giving thanks: travel and stuffing

Tis’ the season to give thanks. And this year, we seem to have an extra helping of things for which to be thankful… not the least of which is our pending end-of-year travels.

Rather than making the journey to family and friends for the holiday, we are instead departing for our grand European vacation — a trip seven years in the making. So while all of you are gathered around the table, eating your fill of turkey and gravy, we will be in the air on our way to London.

It’s been quite the journey to get here. Ever since we started dating, we have talked about showing one another our old stomping grounds in London and Belgium. I studied abroad in London back in 2006 and still consider it my favorite city in the world. I met some of my best friends there and always look forward to returning to be reunited with them and our former haunts. Jason, on the other hand, spent an entire year on exchange in southern Belgium. It’s where he picked up his fluency in French, his partiality to long hair, and his taste for good beer and fries. Both of our experiences abroad ultimately informed who we are as people today, and we are beyond excited to share those special pieces of our lives with one another.

It hasn’t been without its challenges though. Just this week, the entire city of Brussels went on lockdown, the US State Department issued a travel warning advisory, and the world seems to have entered an almost irreversible state of fear that we can only hope is not the new normal.

We certainly toyed around with the idea of rescheduling our trip altogether, but we ultimately came to the conclusion that life is meant to be lived, not holed up watching the television and listening to what “could” happen. We have since diverted some of our plans, mainly to avoid Brussels and some of the larger congregating areas, but we are still going. We will still get to stay with my dear soulmate of a friend Taghrid; we will still get to taste some of the best Indian food on the planet in New Cross; we will still share a home-cooked meal with Jason’s old host family; we will still meet up with some of Jason’s Belgian friends for a pint; and we will most definitely be visiting as many Christmas markets as humanly possible.

There are only a couple of things we will be missing while we are gone. The Macy’s Thanksgiving Day Parade, the first day of Advent at our church, and our dog top the list. But if there was one thing we weren’t going to miss out on no matter what, it was going to be the stuffing.

Stuffing [or, as Jason calls it, dressing] is my absolute favorite Thanksgiving side dish. It probably has to do with my obsession with bread, but it is the one thing on the table that I look forward to every year.

Knowing this, Jason made his own version of stuffing to make sure I had a taste of the holidays before we left. Because from this point on, it’s only fish and chips, Indian food, mussels and fries, waffles, and chocolate [and maybe a pastry or two in Lille] until December. [Not a bad deal, really…]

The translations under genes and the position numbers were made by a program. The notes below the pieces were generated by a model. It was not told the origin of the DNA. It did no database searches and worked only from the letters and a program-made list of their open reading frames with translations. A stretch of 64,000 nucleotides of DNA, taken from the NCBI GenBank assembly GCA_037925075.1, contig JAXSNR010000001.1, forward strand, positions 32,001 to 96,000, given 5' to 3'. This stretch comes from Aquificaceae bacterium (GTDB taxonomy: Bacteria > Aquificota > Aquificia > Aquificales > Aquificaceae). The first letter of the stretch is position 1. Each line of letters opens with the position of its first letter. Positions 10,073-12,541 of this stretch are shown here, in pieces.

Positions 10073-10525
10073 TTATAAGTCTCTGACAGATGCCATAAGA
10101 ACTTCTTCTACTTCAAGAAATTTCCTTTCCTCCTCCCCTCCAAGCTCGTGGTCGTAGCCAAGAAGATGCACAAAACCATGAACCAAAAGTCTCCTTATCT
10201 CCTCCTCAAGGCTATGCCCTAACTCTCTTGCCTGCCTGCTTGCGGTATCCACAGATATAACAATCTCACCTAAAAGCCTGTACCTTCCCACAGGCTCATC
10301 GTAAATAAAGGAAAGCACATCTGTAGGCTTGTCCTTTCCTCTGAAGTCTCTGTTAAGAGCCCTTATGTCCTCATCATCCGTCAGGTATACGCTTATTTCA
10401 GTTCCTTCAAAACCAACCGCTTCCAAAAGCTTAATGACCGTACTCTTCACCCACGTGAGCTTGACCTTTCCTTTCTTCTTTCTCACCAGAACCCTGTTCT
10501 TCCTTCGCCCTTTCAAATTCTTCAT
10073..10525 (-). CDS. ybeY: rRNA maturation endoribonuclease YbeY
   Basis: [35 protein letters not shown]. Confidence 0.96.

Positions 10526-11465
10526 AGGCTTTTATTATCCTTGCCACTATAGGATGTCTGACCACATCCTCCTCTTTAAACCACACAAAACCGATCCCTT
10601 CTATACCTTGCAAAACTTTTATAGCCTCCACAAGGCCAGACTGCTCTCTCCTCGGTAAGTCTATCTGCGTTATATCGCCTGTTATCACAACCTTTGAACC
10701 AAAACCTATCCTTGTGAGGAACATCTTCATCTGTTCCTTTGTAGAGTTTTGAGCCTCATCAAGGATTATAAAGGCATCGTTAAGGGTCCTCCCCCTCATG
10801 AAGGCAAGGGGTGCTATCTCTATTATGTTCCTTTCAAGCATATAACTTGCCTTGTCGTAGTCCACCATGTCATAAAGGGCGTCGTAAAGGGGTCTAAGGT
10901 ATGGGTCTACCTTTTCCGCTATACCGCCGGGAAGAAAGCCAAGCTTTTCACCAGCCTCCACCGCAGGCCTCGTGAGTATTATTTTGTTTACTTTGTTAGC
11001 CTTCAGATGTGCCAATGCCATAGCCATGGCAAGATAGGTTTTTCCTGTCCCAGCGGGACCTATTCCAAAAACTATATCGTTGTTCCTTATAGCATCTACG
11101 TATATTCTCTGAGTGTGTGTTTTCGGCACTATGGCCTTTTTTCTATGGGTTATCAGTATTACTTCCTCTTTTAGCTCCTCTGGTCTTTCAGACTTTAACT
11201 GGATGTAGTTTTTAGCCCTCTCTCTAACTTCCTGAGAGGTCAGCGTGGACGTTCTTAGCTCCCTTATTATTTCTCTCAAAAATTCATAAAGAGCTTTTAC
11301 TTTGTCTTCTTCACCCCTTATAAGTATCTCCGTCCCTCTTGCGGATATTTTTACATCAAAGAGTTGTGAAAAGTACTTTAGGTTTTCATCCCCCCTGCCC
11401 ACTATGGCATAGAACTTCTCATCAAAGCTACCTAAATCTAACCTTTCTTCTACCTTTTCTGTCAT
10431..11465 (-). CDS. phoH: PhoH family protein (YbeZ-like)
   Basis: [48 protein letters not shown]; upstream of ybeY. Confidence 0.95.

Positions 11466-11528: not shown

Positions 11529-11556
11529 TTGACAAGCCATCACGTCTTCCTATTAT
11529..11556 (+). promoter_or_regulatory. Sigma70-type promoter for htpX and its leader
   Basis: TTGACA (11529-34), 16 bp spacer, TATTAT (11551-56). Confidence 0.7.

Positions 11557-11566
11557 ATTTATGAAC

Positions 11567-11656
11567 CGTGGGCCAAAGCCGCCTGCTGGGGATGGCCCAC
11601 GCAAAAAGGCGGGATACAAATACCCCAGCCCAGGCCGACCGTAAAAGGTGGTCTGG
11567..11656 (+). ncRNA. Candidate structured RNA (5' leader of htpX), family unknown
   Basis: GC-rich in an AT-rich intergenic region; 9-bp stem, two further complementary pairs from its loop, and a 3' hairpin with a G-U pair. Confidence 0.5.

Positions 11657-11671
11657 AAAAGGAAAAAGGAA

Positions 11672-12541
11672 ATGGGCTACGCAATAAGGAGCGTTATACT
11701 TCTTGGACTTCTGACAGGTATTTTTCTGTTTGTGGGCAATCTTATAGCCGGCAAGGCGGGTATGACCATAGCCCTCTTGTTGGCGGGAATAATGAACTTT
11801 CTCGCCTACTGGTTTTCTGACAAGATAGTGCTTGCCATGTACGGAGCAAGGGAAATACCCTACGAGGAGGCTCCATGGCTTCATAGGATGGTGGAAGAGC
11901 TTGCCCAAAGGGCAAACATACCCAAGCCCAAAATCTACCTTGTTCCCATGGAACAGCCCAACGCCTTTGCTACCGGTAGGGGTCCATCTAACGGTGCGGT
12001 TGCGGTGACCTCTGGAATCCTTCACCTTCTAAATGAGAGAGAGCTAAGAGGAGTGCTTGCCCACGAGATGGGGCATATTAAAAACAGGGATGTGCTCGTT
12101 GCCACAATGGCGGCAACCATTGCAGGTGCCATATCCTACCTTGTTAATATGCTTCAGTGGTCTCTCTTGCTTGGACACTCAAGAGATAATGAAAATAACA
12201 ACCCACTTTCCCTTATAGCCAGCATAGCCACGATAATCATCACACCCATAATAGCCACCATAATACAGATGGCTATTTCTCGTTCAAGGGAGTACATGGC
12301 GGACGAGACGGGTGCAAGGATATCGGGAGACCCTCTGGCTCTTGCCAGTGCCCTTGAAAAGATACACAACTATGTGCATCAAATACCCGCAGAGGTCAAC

The mixture of cornbread, country loaf, and sausage is what makes this stuffing recipe a winner in my book. We hope you find inspiration in it for your gathering around the Thanksgiving table tomorrow — just be sure to have an extra helping in our absence.



  • 1 lb. Italian sausage
  • A skillet of cornbread*
  • A loaf of French or Country Loaf bread
  • Fresh thyme, oregano, and sage [especially the sage!]
  • One onion, diced
  • A few stalks of celery, diced
  • A few carrots, diced
  • 1/2 can corn [optional]
  • 4 cloves garlic
  • Salt and pepper to taste
  • 2 c. chicken stock


  1. Begin by sautéing your sausage.
  2. While the sausage sautés, begin cutting up the bread and cornbread into cubes.11.25_stuffing 11.25_stuffing2
  3. Place sausage in a bowl after cooked and deglaze the pan with a splash of vinegar, enough to cover the bottom of the pan.
  4. Add a stick of butter to the pan along with your herbs. Allow the herbs to infuse the butter until the butter is fully melted and bubbly.11.25_stuffing3
  5. Add the onion, celery, carrots, and corn. Wait until onions become transparent before adding the garlic. Sprinkle in salt and pepper and cook until veggies are soft.11.25_stuffing 4
  6. Pour in the stock and begin adding the bread a little at a time, stirring as you add. Once it is all added and distributed, pour in the sausage.
  7. Add more stock based on whether it is too dry or too moist. If you like dry stuffing, keep it dry. If you like moist stuffing, add enough stock until it’s saturated.
  8. Bake at 350-degrees for 45 minutes to an hour until the top is golden brown.11.25_stuffing4

*For those like Jason who would prefer to make their own cornbread instead of buying a grocery store mix, here’s how you do it:



  • 1 c. flour
  • 1 c. cornmeal
  • 3 tsp. baking powder
  • 1 tsp. salt
  • 1 c. milk
  • 1 egg
  • 2 Tbs. butter or nonstick spray


  1. Mix together the dry ingredients [flour, cornmeal, baking powder, and salt] and wet ingredients [milk and egg] separately.
  2. Melt butter in a cast iron skillet or dutch oven until hot and bubbly. [Or simply grease a 9×9 baking pan].
  3. Pour wet ingredients into the dry ingredients and stir about 20 times. Don’t over-mix, or else it will be dry and crumbly. It should be lumpy.
  4. Pour into skillet, dutch oven, or greased baking pan and bake at 375-degrees for 20-25 minutes until a toothpick comes out clean.

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